Trade agreements are either bilateral or multilateral pact that enables different nations to trade with each other without tariffs or other obstacles freely (Peng, 2016). Trade agreements between many countries result in the formation of a trading bloc such as the European Union, which can be classified as the most successful. The basis for the support of trade agreements is the balance between supply and demand (Salzl, & Johnson, 2017). For example, if a country is agriculturally advance, with surplus food to sell, and the other one is heavily mechanized; both countries have a demand deficit, and extra items to sell externally. A free trade agreement between the two enables one to export agricultural products to the other while importing the agricultural machines free of any quotas and tariffs (Peng, 2016). No country can agree to enter a trade agreement with the other if there will be no mutual benefits. Besides trade, the deals can have other benefits such as travel, residence, and freedom.
The United States of America is in a free trade agreement with many nations; among them, Mexico. The country does well agriculturally; hence we depend on it for corn, dairy, soybean meals, and poultry (Salzl, & Johnson, 2017). Many people depend on fast foods such as poultry, corn and wheat products from Mexico for lunch and snacks during the day. Personally, I must eat a piece of meat at least once a day; hence the trade agreement greatly benefits me because it ensures that the products are affordable. In response, Mexico greatly benefits from automotive imports.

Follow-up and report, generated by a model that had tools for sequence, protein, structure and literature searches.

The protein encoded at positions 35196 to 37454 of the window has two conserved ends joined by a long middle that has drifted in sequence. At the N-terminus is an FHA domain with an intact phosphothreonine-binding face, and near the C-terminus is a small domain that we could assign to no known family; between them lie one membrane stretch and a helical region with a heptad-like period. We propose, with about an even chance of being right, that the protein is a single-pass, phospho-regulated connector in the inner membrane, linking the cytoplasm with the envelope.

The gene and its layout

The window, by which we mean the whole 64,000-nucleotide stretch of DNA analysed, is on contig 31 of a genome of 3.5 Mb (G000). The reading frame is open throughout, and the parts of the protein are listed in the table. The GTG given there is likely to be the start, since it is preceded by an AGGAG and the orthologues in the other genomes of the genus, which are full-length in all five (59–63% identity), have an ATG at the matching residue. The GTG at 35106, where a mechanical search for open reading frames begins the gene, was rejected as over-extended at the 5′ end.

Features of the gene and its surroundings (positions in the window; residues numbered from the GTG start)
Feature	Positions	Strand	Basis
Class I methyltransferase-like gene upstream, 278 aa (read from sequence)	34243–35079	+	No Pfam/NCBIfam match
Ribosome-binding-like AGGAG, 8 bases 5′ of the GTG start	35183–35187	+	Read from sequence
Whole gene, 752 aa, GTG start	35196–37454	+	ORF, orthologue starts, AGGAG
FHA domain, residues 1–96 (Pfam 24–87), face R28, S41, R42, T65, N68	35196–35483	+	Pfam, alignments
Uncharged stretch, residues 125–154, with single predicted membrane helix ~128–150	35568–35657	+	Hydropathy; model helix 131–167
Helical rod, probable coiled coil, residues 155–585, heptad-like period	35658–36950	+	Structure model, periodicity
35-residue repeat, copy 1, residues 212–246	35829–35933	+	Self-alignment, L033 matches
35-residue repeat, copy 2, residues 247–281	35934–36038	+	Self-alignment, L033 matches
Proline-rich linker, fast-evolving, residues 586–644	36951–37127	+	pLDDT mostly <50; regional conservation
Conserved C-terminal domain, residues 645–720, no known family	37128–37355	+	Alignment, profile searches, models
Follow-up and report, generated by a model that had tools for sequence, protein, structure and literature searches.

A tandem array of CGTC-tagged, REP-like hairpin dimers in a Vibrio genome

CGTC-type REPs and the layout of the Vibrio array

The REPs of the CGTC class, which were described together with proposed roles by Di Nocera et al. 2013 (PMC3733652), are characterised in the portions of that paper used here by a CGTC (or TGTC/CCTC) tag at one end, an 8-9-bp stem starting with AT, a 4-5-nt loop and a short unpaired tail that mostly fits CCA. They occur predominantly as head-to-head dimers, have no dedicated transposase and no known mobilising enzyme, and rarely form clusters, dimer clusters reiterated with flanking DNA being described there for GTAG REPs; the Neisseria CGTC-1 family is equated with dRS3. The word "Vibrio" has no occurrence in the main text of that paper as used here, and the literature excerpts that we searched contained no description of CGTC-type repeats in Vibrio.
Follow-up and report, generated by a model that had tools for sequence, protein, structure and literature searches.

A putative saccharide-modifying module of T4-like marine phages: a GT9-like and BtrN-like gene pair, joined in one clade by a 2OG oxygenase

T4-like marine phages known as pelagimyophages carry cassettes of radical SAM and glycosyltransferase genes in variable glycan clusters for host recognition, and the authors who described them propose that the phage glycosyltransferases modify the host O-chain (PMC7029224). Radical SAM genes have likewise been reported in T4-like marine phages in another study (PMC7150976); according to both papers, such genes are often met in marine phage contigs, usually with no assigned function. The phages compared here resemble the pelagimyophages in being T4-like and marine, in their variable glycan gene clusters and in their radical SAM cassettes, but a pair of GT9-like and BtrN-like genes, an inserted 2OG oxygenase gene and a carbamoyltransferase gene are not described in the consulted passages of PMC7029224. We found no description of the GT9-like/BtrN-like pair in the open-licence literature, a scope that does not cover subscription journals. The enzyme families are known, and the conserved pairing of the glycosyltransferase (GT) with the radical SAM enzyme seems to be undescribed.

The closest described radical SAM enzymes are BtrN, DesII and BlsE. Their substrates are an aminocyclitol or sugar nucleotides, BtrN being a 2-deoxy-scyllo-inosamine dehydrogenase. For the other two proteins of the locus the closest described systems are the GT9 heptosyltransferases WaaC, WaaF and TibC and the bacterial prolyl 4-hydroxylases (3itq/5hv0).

There are a few disadvantages to this free trade. Mexico is greatly overburdened with narcotic drugs. Every trafficker’s dream is to smuggle the products into the US market alongside the food products (Villareal, & Fergusson, 2017). The drugs are hidden in agricultural products. Besides that, many illegal immigrants from different parts of the world use this as a safer entry route into the US. This has an effect on security and gang infiltration in the US, which is an adverse effect of the trade agreement (Salzl, & Johnson, 2017). However, a close review reveals that the benefits of the trade agreement outdoes the risks and disadvantages encountered hence the deal should remain.
- Peng, M. W. (2016). Global business. Cengage Learning.
- Salzl, H., & Johnson, K. (2017). Insights from Professors. Marriott Student Review, 1(1), 10.
- Villareal, M., & Fergusson, I. F. (2017). The North American Free Trade Agreement (NAFTA).